Most recently, he initiated the effort to establish the
first Coast Guard Auxiliary Flotilla on St. John. The
18-member group provides boating safety courses to
the public, educates youth groups on environmental
issues and life jacket use, and provides courtesy boat
inspections. Kreglo currently serves as the US Coast
Guard Auxiliary Division Commander for the Virgin
Islands.
With more than 8,000 hours of service recorded
since 2001, Captain Kreglo has inspired adults and
youth in the U.S. Virgin Islands and Florida. He has
empowered them to improve their community in sig-
nificant ways by becoming active change agents.
U Urr~~


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11th Armored Cavalry Members

Reminicse of Vietnam on St. John


By Jaime Elliott
St. John Tradewinds
A dozen friends who bonded
over the sounds of bullets whiz-
zing by in Asian rice paddies re-
united on St. John last week and
enjoyed a week of fun and relax-
ation under the tropical sun.
Jim Klas, a member of the 11th
Armored Cavalry Regiment, and
his wife first got back in touch
with five other Vietnam veteran
members of the regiment and
their wives about a decade ago.
Since then, the six couples have
vacationed together regularly.
"We were all in the llth Ar-
mored Cavs, third squadron, and
all of us served together between
66 and 67 in Vietnam," said Klas.
"When you leave Vietnam, ev-
eryone says you are going to stay
in touch and you do for a year or
two, but then you just stop re-
ally."
"So we hadn't talked to each
other for years and then our unit
had a reunion in WashingtonD.C.
in 2001 they have a reunion
every year but a few us went
to that and from there we became
really good friends," Klas said.
The llth Armored Cavalry's


Veterans of Vietnam and Cambo-
dia are hosting their 25th annual
reunion this year in Washington
D.C., but the dozen war buddies
decided to have an early mini-re-
union of their own on Love City.
"Before the Washington re-
union in August, a group of us
wanted to come to St. John for a
week and get together and kind
of have our own reunion," said
Klas.
The group hails from Chicago,
Staten Island and Michigan and
last week was the first time they
stayed on St. John.
"We've stopped here before
on cruise trips but we've never
actually stayed on the island,"
said Klas.
The Vietnam veterans were
in good hands, having secured
James Penn's services for thier
island tour.
"We met James Penn about
three years ago when we were on
a cruise and he's set everything
up for us," said Klas.
The group is staying at a luxu-
rious villa and had lined up res-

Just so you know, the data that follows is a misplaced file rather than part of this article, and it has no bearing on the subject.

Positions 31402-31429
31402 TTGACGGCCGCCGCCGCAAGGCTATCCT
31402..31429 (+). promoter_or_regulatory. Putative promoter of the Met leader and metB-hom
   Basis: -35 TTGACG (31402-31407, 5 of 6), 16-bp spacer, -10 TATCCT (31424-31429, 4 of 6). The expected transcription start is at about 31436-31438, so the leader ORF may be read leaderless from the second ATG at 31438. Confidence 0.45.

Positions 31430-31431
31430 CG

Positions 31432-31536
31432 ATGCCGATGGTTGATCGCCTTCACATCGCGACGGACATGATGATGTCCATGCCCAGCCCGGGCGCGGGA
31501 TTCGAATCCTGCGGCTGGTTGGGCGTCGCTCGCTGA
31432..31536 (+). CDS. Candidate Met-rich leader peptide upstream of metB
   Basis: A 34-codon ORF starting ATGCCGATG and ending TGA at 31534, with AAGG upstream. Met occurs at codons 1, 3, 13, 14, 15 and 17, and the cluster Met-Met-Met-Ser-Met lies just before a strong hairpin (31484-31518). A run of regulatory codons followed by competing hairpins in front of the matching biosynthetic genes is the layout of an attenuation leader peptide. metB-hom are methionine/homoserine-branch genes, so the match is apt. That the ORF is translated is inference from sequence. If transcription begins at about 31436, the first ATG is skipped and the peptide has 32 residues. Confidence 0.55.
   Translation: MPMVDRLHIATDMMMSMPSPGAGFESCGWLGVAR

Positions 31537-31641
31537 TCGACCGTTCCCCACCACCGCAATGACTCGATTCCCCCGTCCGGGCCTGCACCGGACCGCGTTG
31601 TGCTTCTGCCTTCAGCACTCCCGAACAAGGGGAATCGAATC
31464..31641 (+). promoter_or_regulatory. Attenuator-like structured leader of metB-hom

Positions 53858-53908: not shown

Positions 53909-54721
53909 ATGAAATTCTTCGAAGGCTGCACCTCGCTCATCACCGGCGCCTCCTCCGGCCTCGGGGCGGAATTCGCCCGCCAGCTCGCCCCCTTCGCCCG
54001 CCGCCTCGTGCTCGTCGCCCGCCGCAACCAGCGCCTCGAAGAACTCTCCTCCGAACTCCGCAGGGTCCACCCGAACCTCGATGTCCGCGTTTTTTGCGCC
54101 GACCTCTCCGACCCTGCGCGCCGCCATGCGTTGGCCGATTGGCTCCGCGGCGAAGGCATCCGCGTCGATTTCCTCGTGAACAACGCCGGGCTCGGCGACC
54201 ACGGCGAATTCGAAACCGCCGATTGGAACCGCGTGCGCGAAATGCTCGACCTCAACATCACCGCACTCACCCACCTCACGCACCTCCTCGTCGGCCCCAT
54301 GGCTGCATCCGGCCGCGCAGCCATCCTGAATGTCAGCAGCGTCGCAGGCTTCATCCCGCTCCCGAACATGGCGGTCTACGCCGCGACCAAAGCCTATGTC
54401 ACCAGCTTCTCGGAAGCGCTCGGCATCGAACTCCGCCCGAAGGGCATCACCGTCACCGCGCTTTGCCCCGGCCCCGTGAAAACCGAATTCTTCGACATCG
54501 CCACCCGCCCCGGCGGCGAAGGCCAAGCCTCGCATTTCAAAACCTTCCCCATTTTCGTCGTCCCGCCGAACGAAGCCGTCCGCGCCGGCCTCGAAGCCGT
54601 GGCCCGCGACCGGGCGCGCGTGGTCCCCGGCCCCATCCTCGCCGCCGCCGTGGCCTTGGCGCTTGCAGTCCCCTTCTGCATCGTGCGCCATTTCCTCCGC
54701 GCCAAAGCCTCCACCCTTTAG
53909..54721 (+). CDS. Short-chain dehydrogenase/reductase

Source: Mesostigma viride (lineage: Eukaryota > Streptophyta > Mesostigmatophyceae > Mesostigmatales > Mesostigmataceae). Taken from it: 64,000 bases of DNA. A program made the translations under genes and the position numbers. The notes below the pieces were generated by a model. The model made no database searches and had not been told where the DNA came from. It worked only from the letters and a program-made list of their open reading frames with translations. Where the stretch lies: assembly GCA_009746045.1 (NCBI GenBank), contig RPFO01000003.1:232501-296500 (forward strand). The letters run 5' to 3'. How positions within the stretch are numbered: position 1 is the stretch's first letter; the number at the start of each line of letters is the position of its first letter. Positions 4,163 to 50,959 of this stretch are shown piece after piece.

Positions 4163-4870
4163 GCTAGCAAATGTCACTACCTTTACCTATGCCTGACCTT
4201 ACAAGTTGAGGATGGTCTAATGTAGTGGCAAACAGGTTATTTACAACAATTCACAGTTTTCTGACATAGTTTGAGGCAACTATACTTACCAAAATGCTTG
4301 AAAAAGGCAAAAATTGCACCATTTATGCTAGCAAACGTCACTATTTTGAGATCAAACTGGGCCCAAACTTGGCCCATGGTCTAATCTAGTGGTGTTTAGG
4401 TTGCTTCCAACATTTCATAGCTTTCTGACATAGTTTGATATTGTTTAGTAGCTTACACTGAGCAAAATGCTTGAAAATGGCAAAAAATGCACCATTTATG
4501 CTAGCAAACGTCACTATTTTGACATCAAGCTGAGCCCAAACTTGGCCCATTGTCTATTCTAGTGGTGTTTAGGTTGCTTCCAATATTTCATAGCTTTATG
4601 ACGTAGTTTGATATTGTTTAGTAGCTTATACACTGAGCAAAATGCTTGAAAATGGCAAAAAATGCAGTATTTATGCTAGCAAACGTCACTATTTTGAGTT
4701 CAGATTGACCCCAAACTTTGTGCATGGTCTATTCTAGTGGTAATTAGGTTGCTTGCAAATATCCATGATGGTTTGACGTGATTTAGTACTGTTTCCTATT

ervations for boating excursions
and gourmet restaurants during
their St. John vacation.


WESTIN VIRGIN GRAND VILLA OWNERS

/ Are you concerned about rapidly escalating maintenance fees
and special assessments?
/ Are you tired of getting less service for far more money?
/ Are you exasperated by the lack of transparency of
Starwood's management?
/ Are you aware of the loss of resale value because of high
maintenance fees?
/ Are you aware that owners who pay their fees are being
required to pay the unpaid maintenance fees of other
owners?

We are villa owners who want to prevent Starwood from making
more costly changes without required owner consent. We also
want to revise the by-laws, which give Starwood complete control
of the Board of the owners' association until the very last unit is
sold. And we want to elect independent owner representatives to
that Board.

We need the names and e-mail addresses of as many owners as
possible because Starwood won't disclose that information. If you
are interested in obtaining more information or participating, log
on to http://stjohnvirgingrandvillaowners.com/Forum/
or please email Gene Jaspan: CruisingEMJ@gmail.com






St. John Tradewinds, May 3-9, 2010 9


St. John Rotarians Clean-up Jumbie Beach


Renew your Spirits

Rejuvenate your body and relax your mind at the
Westin Workout and Spa

All new cardio and strength equipment
Daily, weekly, and annual membership packages
Massages, facials, body wraps, manicures
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Mention this ad for special savings
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For more information, please call
340.693.8000, ext 1903/1904.

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RESORT & VILLAS

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Mon. May 10th
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VISITUSVI .COM
TOURISM: IT'S ALL OF US.


St. John Tradewinds News Photo by Tropical Focus


Rotary Club of St. John celebrated Earth Day by hosting a cleanup of Jumbie
Beach on Sunday, April 25. Seven Rotary members attended and filled two large
garbage bags in just an hour's time.
The club cleans up the beach at least twice a year. The Earth Day 2010 cleanup